The pastor’s ailment may have baffled doctors in Tanzania and beyond. But to the residents of his sleepy village in the outskirts of Iringa town, the diagnosis was a child’s play. Even to a hardcore Doubting Thomas, a naked answer was surely there for all to see!

It was deep into the night of the day he was discharged from hospital when the pastor heard knocks on his door and frantic calls from his relative.

The latter was visiting to commiserate with him and had been sleeping in the stand-alone kitchen that also served as a store.

When the pastor opened the door, his relative pointed to an old woman lying a few meters from the main house. She was completely naked and muttering gibberish!

She appeared mad and famished. The pastor’s wife covered her with a blanket and ushered her to the house. She then made the old woman some porridge and dressed her in one of her clothes.

The couple was not alarmed by the incident, as it was not uncommon for strangers to stray into its compound. But when they woke up in the morning, the old woman was gone, leaving behind the blanket that was neatly folded on the sofa she had laid on. The door to the house remained bolted from inside. And so were all the windows!

It sounds stranger than fiction. But the story is part of a rich collection of “real-life” incidents compiled into a book on post-colonial witchcraft in Tanzania by a Danish professor in anthropology.

If, like me, you tend to regard witchcraft accounts as grandma’s fireside stories or snake oil salesmanship, the narratives offer thought-provoking hypotheses.

The scholar refrains from offering his own conclusions on the stories. But there are suggestions that the woman is a witch with mythical powers.

Might she, for instance, have been the one who attacked the pastor with a witch gun that is, of course, invisible?

Tanzania witchdoctors’ fame is well known.

Kenyans, including prominent politicians and businessmen, are among their regular and faithful clients.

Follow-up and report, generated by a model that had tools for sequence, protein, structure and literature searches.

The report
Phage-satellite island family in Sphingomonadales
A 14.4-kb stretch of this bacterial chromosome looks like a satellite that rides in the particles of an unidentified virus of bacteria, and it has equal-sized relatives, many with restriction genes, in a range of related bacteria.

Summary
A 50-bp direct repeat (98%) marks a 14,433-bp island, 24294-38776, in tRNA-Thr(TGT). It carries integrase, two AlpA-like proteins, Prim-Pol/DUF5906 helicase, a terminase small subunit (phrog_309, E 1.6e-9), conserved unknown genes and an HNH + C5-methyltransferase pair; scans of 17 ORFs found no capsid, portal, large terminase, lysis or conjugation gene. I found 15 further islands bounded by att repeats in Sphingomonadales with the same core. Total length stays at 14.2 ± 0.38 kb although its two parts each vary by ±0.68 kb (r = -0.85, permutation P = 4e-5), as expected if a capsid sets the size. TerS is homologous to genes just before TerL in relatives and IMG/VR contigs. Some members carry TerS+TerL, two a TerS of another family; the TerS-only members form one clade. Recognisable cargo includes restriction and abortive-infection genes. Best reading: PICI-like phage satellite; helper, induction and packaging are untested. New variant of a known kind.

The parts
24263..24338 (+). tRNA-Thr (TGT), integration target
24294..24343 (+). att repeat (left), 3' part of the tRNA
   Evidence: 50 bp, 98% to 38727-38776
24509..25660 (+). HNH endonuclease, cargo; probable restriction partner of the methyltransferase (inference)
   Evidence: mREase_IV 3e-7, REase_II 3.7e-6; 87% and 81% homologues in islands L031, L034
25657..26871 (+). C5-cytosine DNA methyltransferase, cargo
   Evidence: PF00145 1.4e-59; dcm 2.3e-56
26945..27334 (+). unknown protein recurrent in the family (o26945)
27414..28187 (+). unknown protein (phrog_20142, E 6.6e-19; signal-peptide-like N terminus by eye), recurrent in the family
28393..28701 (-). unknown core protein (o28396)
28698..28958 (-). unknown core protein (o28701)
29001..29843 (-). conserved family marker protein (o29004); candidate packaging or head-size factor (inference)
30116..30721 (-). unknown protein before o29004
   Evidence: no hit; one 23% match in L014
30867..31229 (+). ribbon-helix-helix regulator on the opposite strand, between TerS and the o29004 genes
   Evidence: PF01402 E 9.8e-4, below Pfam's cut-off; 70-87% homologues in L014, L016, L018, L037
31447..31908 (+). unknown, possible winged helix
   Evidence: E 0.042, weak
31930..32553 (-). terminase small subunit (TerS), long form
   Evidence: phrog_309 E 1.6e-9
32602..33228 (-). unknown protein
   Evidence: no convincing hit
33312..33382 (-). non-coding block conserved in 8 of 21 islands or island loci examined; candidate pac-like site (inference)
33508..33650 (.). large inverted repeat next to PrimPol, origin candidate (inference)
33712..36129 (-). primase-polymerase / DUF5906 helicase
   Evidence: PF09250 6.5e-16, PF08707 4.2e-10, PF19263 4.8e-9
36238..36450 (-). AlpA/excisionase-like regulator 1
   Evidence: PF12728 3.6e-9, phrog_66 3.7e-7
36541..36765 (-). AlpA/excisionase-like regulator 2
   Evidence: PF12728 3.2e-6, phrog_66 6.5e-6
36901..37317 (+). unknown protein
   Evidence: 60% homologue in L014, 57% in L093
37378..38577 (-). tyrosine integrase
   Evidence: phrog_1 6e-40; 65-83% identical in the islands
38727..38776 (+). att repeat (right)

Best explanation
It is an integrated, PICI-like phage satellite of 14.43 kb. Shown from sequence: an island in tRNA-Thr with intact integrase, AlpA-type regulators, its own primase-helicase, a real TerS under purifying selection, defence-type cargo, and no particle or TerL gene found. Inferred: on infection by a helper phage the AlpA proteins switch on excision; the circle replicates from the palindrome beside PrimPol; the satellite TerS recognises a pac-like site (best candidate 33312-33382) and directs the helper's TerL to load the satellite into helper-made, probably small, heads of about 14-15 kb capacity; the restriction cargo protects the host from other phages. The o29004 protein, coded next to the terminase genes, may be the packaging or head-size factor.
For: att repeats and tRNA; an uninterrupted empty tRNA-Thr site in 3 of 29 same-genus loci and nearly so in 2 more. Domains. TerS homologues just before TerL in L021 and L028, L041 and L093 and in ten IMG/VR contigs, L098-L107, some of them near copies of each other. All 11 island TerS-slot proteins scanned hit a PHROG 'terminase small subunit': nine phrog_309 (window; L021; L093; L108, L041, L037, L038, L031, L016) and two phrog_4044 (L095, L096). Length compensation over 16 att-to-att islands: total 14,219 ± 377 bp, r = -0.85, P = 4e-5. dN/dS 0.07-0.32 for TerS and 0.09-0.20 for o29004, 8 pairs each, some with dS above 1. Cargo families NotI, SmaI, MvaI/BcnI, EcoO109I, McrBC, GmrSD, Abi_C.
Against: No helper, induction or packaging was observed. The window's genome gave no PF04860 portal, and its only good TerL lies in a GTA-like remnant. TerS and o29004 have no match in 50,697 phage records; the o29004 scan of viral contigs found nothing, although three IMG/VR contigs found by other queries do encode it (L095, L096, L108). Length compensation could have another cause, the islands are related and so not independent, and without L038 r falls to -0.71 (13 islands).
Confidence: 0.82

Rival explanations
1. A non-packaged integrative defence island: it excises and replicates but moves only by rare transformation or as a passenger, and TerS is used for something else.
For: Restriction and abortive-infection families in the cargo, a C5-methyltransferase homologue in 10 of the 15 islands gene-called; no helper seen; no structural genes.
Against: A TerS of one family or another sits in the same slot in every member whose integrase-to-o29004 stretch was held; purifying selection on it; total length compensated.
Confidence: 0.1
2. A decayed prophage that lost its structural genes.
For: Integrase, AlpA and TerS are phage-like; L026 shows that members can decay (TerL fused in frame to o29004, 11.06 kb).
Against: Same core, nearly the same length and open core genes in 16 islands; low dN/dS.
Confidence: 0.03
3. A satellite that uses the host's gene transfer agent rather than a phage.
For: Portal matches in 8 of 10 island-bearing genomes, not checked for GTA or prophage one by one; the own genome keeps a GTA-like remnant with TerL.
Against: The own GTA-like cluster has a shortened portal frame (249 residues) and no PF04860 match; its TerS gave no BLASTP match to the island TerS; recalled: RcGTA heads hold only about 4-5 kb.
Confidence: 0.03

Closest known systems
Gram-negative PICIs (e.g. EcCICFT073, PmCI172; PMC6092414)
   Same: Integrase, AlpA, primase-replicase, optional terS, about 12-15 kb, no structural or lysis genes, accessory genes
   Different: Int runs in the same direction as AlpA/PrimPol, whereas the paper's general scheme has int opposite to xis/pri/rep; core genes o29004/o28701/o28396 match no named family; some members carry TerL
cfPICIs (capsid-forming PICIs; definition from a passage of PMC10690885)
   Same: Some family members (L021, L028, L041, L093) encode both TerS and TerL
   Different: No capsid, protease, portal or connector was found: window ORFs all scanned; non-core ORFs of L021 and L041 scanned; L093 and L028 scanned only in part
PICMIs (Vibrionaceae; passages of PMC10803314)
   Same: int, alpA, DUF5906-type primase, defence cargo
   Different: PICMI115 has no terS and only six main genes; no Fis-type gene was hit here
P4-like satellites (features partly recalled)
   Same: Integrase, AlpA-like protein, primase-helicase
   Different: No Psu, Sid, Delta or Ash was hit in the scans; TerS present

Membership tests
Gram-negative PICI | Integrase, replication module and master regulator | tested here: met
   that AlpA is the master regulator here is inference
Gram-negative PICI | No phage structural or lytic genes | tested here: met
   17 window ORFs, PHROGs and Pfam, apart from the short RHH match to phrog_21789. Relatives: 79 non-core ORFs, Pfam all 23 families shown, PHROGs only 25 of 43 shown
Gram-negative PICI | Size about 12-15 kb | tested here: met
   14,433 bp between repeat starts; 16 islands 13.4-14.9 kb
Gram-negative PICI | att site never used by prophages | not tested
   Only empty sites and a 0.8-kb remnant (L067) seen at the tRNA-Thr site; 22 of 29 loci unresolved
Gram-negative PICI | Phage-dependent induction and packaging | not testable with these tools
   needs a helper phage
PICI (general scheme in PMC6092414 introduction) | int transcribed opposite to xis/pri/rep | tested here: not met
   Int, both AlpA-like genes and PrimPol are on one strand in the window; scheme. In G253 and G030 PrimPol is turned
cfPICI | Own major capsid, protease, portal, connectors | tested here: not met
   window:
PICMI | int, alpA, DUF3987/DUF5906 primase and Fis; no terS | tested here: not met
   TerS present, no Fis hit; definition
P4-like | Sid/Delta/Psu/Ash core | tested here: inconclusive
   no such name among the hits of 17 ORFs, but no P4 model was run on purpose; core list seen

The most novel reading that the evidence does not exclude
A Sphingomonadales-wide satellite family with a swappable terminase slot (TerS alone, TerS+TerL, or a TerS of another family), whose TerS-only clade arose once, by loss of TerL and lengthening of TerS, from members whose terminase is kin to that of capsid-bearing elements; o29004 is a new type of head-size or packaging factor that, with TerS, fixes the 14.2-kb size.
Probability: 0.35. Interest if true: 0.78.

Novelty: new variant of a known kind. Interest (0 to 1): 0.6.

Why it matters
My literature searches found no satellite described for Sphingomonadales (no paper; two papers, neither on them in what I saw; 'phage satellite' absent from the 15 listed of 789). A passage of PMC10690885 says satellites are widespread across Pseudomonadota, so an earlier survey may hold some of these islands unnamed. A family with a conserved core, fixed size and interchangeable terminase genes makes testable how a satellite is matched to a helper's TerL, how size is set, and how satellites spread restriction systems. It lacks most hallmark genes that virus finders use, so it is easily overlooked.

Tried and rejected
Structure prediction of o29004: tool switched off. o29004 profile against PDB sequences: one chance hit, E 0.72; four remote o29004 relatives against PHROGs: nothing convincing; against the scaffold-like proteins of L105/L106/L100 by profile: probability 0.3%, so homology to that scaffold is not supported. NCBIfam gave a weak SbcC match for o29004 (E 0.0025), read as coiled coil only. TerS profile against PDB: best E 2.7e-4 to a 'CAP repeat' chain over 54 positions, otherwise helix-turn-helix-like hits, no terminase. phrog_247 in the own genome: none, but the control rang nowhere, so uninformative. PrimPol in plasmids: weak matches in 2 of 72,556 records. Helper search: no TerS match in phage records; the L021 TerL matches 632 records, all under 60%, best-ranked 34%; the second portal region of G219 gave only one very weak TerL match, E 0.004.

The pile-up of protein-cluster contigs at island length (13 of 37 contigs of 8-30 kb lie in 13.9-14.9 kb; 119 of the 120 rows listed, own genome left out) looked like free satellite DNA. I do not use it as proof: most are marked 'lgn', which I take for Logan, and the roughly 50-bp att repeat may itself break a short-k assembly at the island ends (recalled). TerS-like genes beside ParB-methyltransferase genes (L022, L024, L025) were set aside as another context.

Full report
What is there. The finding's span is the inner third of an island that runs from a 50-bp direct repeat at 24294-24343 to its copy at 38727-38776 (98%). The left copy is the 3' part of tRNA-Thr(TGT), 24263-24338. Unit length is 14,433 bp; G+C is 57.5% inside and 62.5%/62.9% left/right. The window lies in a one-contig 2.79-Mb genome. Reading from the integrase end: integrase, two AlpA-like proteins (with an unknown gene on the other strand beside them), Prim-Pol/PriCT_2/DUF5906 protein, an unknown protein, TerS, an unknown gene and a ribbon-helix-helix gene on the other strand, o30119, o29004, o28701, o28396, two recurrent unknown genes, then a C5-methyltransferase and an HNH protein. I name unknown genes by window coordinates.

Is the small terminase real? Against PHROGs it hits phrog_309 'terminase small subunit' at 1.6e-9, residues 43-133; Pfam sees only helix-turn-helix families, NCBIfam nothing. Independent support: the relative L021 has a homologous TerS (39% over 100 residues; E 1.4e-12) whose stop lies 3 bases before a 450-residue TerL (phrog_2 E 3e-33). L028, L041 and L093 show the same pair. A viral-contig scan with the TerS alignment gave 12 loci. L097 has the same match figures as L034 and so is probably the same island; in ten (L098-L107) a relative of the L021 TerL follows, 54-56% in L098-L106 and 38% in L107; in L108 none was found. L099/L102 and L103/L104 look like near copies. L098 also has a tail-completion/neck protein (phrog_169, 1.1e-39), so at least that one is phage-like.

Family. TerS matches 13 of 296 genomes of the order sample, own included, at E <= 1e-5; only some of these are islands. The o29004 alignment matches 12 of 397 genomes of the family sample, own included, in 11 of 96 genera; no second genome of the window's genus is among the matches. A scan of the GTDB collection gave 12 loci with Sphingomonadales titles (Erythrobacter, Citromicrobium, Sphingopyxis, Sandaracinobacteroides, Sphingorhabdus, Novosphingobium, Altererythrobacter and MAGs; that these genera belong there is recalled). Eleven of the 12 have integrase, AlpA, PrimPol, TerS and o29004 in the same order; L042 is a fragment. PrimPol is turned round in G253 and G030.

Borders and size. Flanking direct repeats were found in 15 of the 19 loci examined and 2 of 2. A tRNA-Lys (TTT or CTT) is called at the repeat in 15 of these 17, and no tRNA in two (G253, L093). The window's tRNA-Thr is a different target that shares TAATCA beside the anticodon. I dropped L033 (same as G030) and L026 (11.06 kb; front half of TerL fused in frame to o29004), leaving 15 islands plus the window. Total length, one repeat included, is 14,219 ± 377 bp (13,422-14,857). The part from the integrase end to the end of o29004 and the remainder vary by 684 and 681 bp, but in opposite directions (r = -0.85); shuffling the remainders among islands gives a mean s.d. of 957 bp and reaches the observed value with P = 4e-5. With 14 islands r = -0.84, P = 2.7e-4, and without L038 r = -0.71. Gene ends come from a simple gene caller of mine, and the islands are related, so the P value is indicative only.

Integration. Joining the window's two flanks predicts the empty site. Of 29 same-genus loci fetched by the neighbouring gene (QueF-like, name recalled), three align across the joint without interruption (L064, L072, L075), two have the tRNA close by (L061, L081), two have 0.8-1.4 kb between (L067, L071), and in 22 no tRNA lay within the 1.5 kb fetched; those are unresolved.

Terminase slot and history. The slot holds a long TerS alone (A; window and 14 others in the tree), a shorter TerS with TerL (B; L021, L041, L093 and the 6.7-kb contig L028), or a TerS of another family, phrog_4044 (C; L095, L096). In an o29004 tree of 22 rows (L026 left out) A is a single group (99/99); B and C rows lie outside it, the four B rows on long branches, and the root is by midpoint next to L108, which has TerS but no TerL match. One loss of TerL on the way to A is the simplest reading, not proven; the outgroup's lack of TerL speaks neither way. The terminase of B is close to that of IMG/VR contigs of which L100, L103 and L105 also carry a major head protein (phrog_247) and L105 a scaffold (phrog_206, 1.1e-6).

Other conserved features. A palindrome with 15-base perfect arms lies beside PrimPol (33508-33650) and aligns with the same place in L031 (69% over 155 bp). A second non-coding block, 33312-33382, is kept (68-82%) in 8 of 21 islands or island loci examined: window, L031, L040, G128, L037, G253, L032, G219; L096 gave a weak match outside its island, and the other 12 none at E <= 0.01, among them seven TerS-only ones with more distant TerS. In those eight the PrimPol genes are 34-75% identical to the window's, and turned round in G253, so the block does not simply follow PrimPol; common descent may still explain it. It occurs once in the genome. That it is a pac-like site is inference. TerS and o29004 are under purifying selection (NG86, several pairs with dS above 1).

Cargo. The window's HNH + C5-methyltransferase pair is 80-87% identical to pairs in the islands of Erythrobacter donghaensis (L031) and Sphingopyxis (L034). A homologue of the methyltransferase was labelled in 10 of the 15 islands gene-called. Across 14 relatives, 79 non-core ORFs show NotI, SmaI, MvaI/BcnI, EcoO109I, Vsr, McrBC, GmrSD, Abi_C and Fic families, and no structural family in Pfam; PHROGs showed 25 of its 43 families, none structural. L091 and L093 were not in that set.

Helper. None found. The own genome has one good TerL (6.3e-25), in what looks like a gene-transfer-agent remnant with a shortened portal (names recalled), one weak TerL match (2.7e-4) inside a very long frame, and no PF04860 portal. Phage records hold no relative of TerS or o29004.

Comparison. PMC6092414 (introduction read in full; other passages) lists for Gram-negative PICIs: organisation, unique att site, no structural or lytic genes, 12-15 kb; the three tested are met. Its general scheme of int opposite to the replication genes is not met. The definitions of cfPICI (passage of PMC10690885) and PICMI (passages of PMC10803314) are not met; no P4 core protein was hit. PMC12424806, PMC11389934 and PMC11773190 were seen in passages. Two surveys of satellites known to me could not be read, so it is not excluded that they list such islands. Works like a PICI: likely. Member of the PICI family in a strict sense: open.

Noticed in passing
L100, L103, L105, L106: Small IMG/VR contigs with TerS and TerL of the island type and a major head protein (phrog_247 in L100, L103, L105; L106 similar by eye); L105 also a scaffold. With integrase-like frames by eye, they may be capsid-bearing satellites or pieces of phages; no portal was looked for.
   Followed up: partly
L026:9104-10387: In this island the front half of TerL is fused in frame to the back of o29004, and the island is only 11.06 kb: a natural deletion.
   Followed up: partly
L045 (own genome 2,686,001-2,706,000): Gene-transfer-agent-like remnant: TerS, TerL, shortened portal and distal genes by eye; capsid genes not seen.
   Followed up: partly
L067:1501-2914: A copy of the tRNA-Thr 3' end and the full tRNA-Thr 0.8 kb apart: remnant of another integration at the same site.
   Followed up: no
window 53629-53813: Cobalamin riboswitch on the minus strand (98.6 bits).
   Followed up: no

This week for instance, Sigor MP Philip Rotino went public with claims that a Morogoro-based witch doctor had confessed to being contracted by his political opponents to “finish” him.

An Ilala court also sentenced a famous witchdoctor to three years for obtaining nearly KSh500, 000 in a failed “resurrection” bid!

It is tempting to dismiss Rotino as a typical case of a politician approaching an important issue with an open mouth. But witchcraft and politics are familiar bedfellows.

The bizarre levels that leaders are willing to sink to consult occult powers were laid bare in Musikari Kombo’s infamous khulia silulu” oath-taking When a newly-elected Ukambani MP car was swept away by floods, he perished alongside a famous witchdoctor!

This relationship is jealously guarded. When cartoonist Maddo caricatured the imaginary assembly of charms, trinkets and amulets hidden under Savile Row suits in Parliament, MPs reacted with the collective fury at the insinuation.

In Meru, when the famous witchdoctor, Kathata, recently died, his funeral was literary a roll-call of politicians from the region. The sentimentalism in the eulogies, even from part-time preachers, suggested the deceased was not just another old man.

When it came to viewing the body, several of the politicians excused themselves to pick suspiciously timed phone calls.

Even in his death, it is said few dared look Kathata in the eye!